Soon-to-be teen father must learn responsibility
Q: Our teenage son’s girlfriend is pregnant. He’s 17 and she’s 16. It’s difficult to admit this to anyone. What does he most need to hear from us?
Jim: We’re sorry to learn of this difficult situation. Your son and his girlfriend have clearly made a serious mistake, but mistakes of this kind can be important stepping-stones to maturity and adulthood.
Our counseling team suggests that your whole family can play a role in guiding the expectant mother through this frightening new experience. She needs to be reminded of the value of the precious life she’s carrying. In partnership with her parents, you can help her weigh and balance her options and determine what her personal goals ought to be at this point. She won’t be able to do this without the assistance of caring, life-affirming adults.
Your son also needs your understanding. At his age, he’s trying hard to become his own person. Unfortunately, his bid for independence has put him in an awkward position.
Unlike the girl, who has to deal with the realities of pregnancy, a teenage dad can find it easy to dissociate himself from the situation. Part of your role will be to see that this doesn’t happen. Gently but firmly compel him to face the implications of his choices. Talk to him about the sanctity of human life. Help him think about the tremendous and awesome responsibility of bringing a child into the world. Encourage him to discuss these issues openly with his girlfriend and her parents. Urge him to explore ways in which he can take an active role in the pregnancy, the birth and the crucial decisions that lie ahead.
We’d strongly suggest that all of you seek professional counseling as you attempt to navigate these waters. Contact Focus for a free consultation and referral. May God grant you strength during this emotional time!
Q: Should I accept a “friend” request on Facebook from an old boyfriend? I’m very much in love with and committed to my husband, so I feel sure that this will not pose a threat to our marriage.
Dr. Greg Smalley, Vice President, Family Ministries: The first thing you should do is sit down and discuss this with your husband. Tell him about the “friend” request, and ask him how he feels about it. It’s important to be open and honest and lay everything out on the table. Keeping secrets only undermines trust. If your marriage is as strong and healthy as you say it is, then it’s worth protecting.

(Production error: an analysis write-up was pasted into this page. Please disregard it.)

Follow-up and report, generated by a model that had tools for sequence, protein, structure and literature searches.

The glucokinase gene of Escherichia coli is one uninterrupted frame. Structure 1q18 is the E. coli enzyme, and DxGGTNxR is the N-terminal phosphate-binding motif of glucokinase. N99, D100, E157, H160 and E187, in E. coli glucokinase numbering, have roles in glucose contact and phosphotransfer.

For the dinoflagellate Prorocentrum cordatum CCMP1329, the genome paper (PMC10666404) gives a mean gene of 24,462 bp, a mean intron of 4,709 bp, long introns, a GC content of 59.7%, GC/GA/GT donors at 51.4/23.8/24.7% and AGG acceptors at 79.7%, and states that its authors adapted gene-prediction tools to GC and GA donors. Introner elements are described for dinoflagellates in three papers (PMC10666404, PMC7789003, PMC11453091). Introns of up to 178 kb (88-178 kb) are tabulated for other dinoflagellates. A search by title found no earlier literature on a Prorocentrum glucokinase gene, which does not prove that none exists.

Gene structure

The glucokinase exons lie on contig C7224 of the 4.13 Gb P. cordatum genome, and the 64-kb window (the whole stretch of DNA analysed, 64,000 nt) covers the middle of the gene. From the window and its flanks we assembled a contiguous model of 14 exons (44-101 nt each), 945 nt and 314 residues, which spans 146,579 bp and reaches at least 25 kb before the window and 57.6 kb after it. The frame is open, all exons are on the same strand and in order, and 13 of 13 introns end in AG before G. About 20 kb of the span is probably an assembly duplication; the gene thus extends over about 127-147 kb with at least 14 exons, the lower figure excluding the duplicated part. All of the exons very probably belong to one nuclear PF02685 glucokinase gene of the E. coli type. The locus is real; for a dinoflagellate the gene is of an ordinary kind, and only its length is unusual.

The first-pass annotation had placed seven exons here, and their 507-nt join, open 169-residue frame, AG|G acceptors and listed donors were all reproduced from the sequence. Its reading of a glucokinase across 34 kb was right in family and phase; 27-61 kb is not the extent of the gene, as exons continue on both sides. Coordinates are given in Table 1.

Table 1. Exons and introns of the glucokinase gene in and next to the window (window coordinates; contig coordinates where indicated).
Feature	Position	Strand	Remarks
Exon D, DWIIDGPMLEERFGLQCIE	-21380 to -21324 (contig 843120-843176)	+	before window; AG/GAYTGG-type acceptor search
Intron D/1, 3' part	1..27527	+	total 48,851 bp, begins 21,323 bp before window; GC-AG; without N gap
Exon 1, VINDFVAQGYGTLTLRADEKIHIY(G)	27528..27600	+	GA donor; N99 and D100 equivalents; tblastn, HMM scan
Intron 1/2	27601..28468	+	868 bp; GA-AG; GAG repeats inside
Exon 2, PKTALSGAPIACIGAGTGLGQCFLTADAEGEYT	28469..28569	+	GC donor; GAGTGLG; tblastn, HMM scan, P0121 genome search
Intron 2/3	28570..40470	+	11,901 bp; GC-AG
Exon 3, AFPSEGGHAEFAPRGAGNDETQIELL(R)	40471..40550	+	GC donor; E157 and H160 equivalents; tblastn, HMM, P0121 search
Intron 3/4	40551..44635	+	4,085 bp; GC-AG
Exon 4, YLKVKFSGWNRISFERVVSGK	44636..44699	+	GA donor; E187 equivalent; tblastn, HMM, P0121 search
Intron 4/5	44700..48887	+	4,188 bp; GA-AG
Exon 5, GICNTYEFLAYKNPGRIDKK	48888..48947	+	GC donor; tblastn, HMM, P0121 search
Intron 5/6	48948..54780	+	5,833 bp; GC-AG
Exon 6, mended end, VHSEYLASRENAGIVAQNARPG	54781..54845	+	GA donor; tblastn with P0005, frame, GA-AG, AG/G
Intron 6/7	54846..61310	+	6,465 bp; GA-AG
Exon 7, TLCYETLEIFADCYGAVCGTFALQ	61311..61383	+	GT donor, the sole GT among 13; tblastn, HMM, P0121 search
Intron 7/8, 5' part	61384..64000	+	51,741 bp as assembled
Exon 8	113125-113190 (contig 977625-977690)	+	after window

A recent survey of the American Academy of Matrimonial Lawyers revealed that Facebook has been a major factor in U. S. divorces the last few years. You need to be careful about exposing your relationship to threats of any kind, no matter how remote they may seem.
Since your former boyfriend has initiated this contact, you should consider his motives. If you suspect that his intentions are not entirely appropriate or honorable, ignore the request and move on. Plus, you don’t know what’s going on in his life, and this might cause him to stumble.
If you’re still confused, apply this basic litmus test: Would it be helpful or harmful to your marriage to re-establish a connection with this person? If you’re feeling inclined to grant the request, you may need to pause and evaluate your own motives. Are you certain that you don’t feel compelled to revisit the past because of present discontent? We’re not suggesting that this is the case, but it’s a question worth considering. In the final analysis, it’s a decision that you and your husband must make together.
Jim Daly is a husband and father, an author, and president of Focus on the Family and host of the Focus on the Family radio program.